Better public services that are more integrated and readily available than ever before. That’s the manifesto behind the Government’s decision to digitalise public services in the UK. However, is it really working?
In this introduction to digital public services in the UK, we examine what’s gone digital so far and what you can expect in the future.
How is the UK digitising public services?
At the D5 London summit in December, 2014, the UK Government made no qualms about the fact that it is “among the world leaders” when it comes to digitising public services. So is the boast really true? Let’s take a look at some of the actions that have already been implemented in the transformation:
- Streamlined services: Just a few years ago there were 1,700 government websites focusing on different services. Now however, there is just one: in the form of GOV.UK. The idea is that the website is built to meet users’ needs and it is estimated to have saved more than £60million from 2013-2014.
- Vote registration: The registration system for voting in the UK has moved online and replaced the forms that were traditionally sent to properties. It is believed that the system is also helping to prevent fraud and more than 2.4million people registered using the service in just five months.
- Visa applications: Around 3.44million tier two priority visas are issued every year to allow for recruitment beyond the EEA where vacancies cannot be filled by EEA or British workers. The new system should make visa applications easier than ever.
- Driving at your fingertips: It will be possible to view driving records online, including disqualifications, penalty points and the vehicles you can drive. It is expected that the service will offer quick access to driving records for around 40million drivers.
- Visitations: There is a new online service for booking visits to prison and rehabilitation centres. The system will allow around 1.5million visits to be booked: previously they were carried out using manual, phone or email systems.
Of course, this is just a small sample of some of the services that have been rolled out by the Government. In total, there will be 25 exemplar services offered by the time the full roll-out is complete in March, 2015. Other services include: finding an apprenticeship; redundancy payments; renewing patents; land registry; student finance; waste carrier registration; rural payments; carer’s allowance; universal credit; claiming personal independent payments; digital self-assessment; tax accounts; civil claims; and more.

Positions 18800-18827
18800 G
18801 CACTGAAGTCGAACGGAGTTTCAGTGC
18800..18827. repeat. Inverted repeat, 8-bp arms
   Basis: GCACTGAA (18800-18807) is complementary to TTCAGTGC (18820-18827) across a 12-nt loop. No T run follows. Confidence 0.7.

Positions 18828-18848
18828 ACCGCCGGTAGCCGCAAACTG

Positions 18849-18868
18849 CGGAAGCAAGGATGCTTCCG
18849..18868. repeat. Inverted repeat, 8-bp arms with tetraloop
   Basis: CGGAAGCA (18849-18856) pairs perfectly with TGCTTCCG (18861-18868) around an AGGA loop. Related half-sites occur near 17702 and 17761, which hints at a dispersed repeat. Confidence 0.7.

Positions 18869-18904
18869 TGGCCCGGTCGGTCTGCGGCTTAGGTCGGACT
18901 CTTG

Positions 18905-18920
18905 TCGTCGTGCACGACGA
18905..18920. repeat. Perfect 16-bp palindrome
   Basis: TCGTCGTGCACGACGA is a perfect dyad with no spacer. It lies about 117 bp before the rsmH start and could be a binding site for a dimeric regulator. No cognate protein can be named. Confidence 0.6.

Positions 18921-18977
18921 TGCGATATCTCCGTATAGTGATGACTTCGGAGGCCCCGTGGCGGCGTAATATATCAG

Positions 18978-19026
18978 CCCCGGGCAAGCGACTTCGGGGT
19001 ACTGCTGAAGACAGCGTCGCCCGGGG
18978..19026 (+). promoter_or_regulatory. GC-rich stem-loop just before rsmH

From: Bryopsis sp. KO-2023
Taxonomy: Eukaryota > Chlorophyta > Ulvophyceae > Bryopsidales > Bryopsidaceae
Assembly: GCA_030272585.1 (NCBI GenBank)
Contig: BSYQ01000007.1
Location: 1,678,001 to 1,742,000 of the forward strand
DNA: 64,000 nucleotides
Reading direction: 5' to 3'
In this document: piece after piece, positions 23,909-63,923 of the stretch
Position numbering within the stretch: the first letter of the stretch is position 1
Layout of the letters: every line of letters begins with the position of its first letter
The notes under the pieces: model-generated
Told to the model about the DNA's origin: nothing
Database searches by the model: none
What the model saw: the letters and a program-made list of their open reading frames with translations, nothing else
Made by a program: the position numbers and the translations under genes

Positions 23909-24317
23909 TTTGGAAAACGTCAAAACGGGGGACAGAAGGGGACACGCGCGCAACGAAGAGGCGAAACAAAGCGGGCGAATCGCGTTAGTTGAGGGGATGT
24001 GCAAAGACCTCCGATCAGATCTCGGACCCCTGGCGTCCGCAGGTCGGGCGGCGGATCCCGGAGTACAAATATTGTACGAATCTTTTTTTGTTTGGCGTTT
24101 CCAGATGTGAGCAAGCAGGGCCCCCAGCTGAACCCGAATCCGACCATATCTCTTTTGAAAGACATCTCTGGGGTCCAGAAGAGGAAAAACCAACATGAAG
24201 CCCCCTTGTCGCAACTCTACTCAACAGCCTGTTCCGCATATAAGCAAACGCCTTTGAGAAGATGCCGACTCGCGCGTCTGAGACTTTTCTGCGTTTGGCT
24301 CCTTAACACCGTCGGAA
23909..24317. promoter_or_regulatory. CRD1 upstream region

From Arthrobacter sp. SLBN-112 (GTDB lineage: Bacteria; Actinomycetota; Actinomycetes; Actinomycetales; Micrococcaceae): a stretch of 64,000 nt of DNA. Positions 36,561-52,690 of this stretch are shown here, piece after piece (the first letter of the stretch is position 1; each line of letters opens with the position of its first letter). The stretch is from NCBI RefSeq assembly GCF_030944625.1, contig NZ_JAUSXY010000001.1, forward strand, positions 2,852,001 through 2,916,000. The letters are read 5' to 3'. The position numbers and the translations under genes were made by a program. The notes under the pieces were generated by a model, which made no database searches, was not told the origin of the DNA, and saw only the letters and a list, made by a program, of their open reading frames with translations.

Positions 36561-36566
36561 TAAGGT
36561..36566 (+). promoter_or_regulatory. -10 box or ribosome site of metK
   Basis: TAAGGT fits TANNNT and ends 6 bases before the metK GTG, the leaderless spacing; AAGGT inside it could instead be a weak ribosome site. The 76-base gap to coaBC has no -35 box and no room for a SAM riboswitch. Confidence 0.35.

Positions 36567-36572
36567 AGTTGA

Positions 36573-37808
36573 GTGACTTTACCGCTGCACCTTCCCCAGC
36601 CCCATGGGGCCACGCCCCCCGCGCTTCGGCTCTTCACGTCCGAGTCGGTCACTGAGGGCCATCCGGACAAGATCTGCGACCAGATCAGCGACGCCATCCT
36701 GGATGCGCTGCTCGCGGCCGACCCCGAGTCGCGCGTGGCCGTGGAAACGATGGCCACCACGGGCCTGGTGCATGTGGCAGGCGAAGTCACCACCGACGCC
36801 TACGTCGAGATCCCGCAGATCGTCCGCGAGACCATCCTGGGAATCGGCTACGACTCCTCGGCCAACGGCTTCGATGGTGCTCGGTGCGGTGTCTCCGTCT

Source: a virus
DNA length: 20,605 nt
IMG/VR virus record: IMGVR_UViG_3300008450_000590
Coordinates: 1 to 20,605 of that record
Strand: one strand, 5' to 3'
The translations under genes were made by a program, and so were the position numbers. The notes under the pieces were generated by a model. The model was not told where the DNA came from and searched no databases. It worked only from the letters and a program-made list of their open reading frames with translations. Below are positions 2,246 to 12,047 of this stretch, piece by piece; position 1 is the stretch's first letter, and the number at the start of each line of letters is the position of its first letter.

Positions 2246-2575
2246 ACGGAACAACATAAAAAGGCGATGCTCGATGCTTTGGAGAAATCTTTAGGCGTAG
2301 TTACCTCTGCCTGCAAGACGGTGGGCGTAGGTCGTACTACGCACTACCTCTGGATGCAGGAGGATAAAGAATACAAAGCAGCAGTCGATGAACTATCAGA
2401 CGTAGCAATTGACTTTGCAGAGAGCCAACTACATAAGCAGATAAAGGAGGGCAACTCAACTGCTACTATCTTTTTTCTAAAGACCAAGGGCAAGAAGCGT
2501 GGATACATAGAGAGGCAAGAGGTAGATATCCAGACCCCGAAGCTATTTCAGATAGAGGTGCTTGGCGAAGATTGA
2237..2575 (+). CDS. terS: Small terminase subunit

So has the digital public services roll-out been a success?
So are people ready to make the change to digital public services? If you believe the statistics being released by the UK Government, then the early signs are that this has been an overwhelming success.
- Visitors spike: Since being launched in October 2012, GOV.UK has already notched up more than one billion visits. It has nearly two million visitors every day and is the 27th most accessed website in the UK according to statistics in October, 2014.
- Carers go online: According to statistics released in December, 2014, around 54 per cent of carer’s allowance applications are currently being made through the digital service suggesting that people have made a fast switch to the new program. The service incorporates a new way for disabled users to confirm they have understood the claim: so there is no need to sign a declaration on paper.
- Drivers in the fast lane: Already more than 145,000 drivers have accessed their driving records online. Prior to the launch of the service it was necessary to contact the DVLA to receive any details you need: requiring phone calls, emails or letters. However, now the service is instant.
So what is the next step in digitising public services in the UK?
The roll-out of the 25 services will be complete in March with a live digital by default service standard assessment for rural payments, visas and applying for employment tribunals. However, on the completion of the live stage, there are a number of post-launch services to be incorporated too, including: operational support; monitoring of system performance; optimising the code; and efforts to ensure the service remains secure.
Of course, this doesn’t mean that it will all be plain sailing for digitalisation. There are a number of challenges facing the UK Government in making this transition complete: not least of which is persuading older users to switch to digital services.
There have been many attempts to move online in the past and they have generally failed. The key now, perhaps, is that the digitalisation of public services should be based on platform-based principles and technical standards being opened up. This should mean sustainable reform with an equal partnership between the digital organisations and the internal organisation. In the long run, Governments may even be able to support these digital services without directly running them: effectively acting as a co-ordinator.
As secretary general of Seecom Vuk Vujnovic states, “digital services are not about technology: they are about empowering people.” As long as the Government takes this approach to a citizen focused service then it should reap the rewards of a successful transition.